The amendment to SOLAS Chapter V regulation 19.2 requires ships engaged on international voyage to be fitted with an ECDIS, no later than the first survey on or after a date based on the type of ship and its size in gross tonnage.

The UKHO estimates that a further 3,828 cargo ships over 20,000 GT are yet to make the transition to using an ENC (Electronic Navigational Chart) service and therefore do not yet meet SOLAS (Safety of Life at Sea) regulations on ECDIS carriage. Only ENCs supplied from official hydrographic offices can be used in ECDIS to meet SOLAS requirements for nautical charts and to be considered ECDIS ready.

12 months ago, the SOLAS regulations on ECDIS carriage were extended to cover cargo ships over 50,000 GT. Today, 90% of these larger cargo ships are now considered ECDIS ready.

Thomas Mellor, Chair of the International Hydrographic Organization’s ENC Working Group and Head of OEM Technical Support and Digital Standards at the UKHO, commented that only a few hundred ships remain to complete transition to ECDIS, which is positive.

“However, it is important to be aware of the implications for the several thousand of cargo ships and any others whose ECDIS deadline has passed without having yet adopted ECDIS. For example, if a ship is detained by Australian Port State Control for non-compliance, the only way of lifting that detention is to first become compliant. Whilst ships have until the first survey after their deadline, in some cases this may mean fitting an ECDIS and training crew at considerable cost and delay”, he added.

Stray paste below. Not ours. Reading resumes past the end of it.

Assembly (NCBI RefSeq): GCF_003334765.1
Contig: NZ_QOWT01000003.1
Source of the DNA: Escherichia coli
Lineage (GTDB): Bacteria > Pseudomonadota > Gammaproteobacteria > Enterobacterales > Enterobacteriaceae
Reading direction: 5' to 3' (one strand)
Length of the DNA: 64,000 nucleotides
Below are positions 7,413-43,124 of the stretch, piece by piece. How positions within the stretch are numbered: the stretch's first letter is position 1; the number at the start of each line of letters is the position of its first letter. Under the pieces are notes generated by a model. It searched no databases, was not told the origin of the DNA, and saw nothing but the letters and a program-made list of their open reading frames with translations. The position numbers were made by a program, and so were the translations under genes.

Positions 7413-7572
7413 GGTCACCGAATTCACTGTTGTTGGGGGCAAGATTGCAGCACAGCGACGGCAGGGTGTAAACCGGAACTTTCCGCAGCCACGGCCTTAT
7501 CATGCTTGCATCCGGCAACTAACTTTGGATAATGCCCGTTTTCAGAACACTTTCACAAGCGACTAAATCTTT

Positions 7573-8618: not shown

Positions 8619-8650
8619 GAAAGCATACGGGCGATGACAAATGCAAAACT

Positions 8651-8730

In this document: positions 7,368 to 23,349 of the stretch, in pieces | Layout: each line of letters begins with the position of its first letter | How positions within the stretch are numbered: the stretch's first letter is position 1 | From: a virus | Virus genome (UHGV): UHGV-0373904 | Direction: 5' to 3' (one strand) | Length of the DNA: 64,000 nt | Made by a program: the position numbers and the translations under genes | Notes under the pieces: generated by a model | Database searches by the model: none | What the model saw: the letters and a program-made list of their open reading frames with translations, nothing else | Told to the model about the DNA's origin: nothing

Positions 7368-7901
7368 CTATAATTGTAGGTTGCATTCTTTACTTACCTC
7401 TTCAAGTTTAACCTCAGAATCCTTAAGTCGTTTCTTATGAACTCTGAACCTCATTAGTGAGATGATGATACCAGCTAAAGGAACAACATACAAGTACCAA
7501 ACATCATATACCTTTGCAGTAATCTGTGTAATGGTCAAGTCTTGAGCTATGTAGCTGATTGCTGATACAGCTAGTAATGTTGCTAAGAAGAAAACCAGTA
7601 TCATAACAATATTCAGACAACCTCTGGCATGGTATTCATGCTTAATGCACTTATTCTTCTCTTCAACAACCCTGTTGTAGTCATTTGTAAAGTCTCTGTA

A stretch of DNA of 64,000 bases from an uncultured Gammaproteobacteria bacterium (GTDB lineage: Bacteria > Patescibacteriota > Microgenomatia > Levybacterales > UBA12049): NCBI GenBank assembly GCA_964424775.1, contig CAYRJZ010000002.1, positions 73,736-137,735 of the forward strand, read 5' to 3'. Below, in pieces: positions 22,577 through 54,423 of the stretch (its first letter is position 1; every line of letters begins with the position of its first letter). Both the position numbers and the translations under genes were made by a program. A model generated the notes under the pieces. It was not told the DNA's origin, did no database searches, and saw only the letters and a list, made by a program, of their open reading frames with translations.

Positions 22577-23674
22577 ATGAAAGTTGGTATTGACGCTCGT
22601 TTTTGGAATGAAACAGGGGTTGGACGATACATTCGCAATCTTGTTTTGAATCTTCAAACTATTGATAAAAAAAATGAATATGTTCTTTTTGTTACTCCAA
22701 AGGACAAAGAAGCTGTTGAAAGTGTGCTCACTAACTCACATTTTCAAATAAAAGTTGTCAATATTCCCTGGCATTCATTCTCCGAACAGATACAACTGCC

In view of these, Chris Berkley, Senior Product Manager at the UKHO, informed that ‘Living with ECDIS’ seminars offer guidance to ship owners and operators in their use of ECDIS over the last three years.

"We address the latest challenges faced by shipping companies by offering free practical advice, answering questions on ECDIS management and updating them on the latest IHO ENC Standards.”

In addition to subscribing to an ENC service, the UKHO has also encouraged shipping companies to ensure that they have revised bridge policies and procedures in their ship’s Safety Management System to reflect the requirements of safe, effective and compliant ECDIS operation; that ECDIS software is upgraded to comply with the latest IHO ENC Standards; and that its bridge teams are competent and confident in using ECDIS to its full potential.

"With the Australian Maritime Safety Authority (AMSA) taking a zero-tolerance approach to breaches of these regulations, having gone as far as to require compliance with SOLAS under Australian law, this is legislation that cannot be ignored."

Credit: UKHO